“We are greatly concerned by the lack of emphasis placed upon recreation in the documents associated with the proposed new Planning Rule and will not support a final rule that fails to correct this flaw.  We intend to deliver this assessment to the public and to those representing the public if no commitment to change is made by the agency.”

The groups are asking for a meeting with the Chief, and a formal working session with the planning rule team to include provisions in the rule that requires Forest Plans to actively search out strategies to provide for and manage diverse public recreation uses.

11 thoughts on “Recreation Groups Want Additional Meetings on the Proposed Planning Rule”

  1. Hmm, an interesting “Coalition for Recreation”, for sure. Conspicuously absent are groups like the National Recreation & Park Association, American Hiking Society, American Whitewater, Trout Unlimited, Ducks Unlimited, American Camp Association, International Mountain Biking Association, International Bowhunting Organization, etc.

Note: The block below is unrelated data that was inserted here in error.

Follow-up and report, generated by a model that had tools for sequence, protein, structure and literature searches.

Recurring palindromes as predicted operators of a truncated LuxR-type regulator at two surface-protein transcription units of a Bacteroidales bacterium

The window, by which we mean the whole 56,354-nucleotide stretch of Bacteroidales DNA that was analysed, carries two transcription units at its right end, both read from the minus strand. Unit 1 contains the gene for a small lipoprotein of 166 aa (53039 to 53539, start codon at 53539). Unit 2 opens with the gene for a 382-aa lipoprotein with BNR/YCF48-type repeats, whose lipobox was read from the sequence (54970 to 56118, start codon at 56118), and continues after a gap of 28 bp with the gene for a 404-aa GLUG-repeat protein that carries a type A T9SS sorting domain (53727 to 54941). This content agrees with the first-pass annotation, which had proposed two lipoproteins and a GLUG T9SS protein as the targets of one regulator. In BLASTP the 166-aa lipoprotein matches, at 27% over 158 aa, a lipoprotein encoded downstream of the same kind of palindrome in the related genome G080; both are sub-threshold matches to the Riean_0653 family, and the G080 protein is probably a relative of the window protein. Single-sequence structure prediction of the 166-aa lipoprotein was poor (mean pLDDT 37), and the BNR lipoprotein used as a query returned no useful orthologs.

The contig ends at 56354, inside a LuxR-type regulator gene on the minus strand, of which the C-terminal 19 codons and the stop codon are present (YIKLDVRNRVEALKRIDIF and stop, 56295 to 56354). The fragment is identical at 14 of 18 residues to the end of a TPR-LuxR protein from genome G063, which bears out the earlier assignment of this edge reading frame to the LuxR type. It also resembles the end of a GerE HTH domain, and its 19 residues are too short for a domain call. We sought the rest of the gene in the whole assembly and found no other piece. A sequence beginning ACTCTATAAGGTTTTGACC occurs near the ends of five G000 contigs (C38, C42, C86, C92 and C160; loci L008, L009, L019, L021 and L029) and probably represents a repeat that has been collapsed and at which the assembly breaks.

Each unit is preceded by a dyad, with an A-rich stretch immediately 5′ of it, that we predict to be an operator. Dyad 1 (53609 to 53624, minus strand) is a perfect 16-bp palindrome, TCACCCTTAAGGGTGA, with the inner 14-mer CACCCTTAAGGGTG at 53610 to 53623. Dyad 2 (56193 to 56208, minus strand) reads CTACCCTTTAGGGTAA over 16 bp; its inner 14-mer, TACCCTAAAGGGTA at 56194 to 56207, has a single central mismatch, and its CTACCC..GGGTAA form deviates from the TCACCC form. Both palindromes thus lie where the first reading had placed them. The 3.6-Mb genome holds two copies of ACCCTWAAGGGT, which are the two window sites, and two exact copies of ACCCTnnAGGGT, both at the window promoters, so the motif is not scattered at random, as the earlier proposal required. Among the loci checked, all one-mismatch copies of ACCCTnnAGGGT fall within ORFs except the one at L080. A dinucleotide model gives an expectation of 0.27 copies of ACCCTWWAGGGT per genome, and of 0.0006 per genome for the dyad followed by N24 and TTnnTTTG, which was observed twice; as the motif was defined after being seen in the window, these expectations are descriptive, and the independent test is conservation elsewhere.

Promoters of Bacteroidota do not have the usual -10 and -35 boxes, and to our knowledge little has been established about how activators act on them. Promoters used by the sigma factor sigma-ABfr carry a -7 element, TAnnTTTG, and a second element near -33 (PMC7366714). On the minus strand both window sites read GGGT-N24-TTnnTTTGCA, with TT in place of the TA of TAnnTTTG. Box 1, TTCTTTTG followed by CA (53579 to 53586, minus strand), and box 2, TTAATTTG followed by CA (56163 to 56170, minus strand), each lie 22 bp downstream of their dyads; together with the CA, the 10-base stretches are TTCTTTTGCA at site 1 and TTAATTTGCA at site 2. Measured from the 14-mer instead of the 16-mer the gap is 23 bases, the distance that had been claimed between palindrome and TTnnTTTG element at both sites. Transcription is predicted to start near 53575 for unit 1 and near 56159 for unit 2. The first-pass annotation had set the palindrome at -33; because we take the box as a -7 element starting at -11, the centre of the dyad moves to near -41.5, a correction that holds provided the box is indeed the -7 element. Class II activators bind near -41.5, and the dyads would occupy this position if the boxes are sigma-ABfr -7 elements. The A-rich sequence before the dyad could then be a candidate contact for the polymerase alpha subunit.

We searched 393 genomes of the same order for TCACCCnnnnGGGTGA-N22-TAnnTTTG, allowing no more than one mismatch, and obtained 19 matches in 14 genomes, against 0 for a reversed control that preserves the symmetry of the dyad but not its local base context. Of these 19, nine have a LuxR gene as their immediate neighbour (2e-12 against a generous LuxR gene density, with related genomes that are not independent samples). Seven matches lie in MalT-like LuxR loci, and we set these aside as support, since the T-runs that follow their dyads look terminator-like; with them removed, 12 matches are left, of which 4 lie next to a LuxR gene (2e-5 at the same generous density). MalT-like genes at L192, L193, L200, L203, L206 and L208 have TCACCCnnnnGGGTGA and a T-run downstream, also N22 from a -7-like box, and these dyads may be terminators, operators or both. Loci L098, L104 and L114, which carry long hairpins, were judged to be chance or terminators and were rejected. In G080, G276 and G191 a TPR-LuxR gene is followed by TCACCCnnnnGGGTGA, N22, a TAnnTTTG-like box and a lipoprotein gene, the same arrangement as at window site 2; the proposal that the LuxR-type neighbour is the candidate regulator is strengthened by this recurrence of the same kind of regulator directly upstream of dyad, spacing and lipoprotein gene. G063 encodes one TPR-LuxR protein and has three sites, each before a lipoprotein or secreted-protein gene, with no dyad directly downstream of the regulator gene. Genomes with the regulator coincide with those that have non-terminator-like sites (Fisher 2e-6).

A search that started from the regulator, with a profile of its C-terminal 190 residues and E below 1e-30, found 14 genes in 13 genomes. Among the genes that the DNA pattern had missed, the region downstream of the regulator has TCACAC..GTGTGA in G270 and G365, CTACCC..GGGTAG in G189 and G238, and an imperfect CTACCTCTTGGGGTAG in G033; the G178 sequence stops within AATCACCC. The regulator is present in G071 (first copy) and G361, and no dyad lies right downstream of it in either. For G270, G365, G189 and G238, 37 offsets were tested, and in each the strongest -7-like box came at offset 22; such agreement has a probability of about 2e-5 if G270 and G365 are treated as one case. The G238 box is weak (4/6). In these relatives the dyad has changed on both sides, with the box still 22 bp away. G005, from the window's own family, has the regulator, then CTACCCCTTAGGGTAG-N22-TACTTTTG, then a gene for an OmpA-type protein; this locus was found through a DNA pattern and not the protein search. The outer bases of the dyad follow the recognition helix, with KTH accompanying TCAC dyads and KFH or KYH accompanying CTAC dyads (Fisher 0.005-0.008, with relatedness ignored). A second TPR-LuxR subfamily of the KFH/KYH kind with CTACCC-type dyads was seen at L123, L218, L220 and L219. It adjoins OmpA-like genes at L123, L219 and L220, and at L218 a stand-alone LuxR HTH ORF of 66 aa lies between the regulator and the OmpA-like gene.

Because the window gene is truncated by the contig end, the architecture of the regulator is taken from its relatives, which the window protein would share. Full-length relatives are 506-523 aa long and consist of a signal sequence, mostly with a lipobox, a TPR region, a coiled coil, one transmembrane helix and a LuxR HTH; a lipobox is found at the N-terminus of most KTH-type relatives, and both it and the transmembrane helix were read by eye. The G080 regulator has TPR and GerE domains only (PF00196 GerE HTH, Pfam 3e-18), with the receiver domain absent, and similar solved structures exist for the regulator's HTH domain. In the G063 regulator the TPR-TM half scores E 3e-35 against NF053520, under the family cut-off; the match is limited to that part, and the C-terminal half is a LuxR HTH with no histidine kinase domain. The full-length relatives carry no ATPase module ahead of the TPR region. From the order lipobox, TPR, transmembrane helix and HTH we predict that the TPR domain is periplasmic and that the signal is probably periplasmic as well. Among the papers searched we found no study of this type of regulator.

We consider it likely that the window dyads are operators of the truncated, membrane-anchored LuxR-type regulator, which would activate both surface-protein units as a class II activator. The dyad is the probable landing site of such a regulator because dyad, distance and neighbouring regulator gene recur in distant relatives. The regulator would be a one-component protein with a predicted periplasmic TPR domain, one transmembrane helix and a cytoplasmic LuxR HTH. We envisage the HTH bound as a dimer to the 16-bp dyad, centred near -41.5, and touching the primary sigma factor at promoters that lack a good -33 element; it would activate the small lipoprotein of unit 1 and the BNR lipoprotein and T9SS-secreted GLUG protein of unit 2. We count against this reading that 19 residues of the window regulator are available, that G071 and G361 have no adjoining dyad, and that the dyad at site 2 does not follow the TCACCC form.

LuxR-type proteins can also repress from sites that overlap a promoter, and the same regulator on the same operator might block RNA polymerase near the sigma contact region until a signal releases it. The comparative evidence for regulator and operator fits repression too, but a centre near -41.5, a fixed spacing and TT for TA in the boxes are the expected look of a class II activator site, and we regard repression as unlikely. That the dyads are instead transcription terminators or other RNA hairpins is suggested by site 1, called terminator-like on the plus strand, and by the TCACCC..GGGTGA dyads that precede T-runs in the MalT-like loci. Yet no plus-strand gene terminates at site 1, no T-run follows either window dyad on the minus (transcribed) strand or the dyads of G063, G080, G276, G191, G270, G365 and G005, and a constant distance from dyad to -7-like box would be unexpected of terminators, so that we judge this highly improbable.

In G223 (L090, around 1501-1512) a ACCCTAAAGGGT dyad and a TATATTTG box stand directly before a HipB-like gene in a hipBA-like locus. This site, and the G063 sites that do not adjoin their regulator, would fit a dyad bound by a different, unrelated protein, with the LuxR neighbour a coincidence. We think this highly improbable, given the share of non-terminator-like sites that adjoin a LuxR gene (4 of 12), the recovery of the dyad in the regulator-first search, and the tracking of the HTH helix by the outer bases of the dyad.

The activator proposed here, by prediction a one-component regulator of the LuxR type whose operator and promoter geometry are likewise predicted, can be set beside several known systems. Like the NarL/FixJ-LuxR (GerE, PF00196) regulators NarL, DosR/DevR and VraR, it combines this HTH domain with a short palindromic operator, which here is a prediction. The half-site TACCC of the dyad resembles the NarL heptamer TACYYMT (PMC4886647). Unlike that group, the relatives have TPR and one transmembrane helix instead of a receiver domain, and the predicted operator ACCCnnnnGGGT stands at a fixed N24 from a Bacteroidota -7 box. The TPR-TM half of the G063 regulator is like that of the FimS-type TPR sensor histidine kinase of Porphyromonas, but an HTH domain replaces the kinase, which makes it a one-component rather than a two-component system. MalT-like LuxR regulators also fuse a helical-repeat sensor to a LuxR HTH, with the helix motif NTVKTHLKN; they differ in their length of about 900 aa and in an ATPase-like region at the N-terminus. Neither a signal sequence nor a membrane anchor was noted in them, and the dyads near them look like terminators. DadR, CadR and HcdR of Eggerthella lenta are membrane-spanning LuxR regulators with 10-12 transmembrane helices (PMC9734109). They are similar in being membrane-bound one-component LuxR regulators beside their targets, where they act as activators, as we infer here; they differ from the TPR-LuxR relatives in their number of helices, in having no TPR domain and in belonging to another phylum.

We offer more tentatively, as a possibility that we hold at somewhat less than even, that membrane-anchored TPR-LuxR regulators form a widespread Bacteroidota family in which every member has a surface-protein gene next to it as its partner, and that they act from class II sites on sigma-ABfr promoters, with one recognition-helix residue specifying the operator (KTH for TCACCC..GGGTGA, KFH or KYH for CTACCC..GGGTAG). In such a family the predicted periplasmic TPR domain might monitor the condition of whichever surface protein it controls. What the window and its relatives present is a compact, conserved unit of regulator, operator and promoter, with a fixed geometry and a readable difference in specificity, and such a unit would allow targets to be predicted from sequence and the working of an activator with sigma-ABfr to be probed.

Instead, it looks a lot like an outgrowth of the American Recreation Coalition which has a distinct emphasis on motorized and privatized recreation.

  2. Bill-

    But the horse folks, and hunting and fishing groups are just as legitimate recreationists, aren’t they? Certainly horses trailered to a site are not conceptually different than mountain biker carried to a site.. or are they?

    These differences are all very confusing to me, who hikes, uses outfitters, horses, etc. Also, I’m not familiar with recreation terminology- e.g., ewhat do you mean by “privatized”?

    I wonder what parts of the letter those other groups would disagree with.

    • Privatized recreation usually refers to things like KOA, Disney, many RV parks and other recreation sites that are privately owned and operated. Increasingly companies such as Recreation Resource Management Inc. and CLM Services Corporation are managing “campgrounds and other recreational facilities in National Forests and state parks under long term concession agreements.” (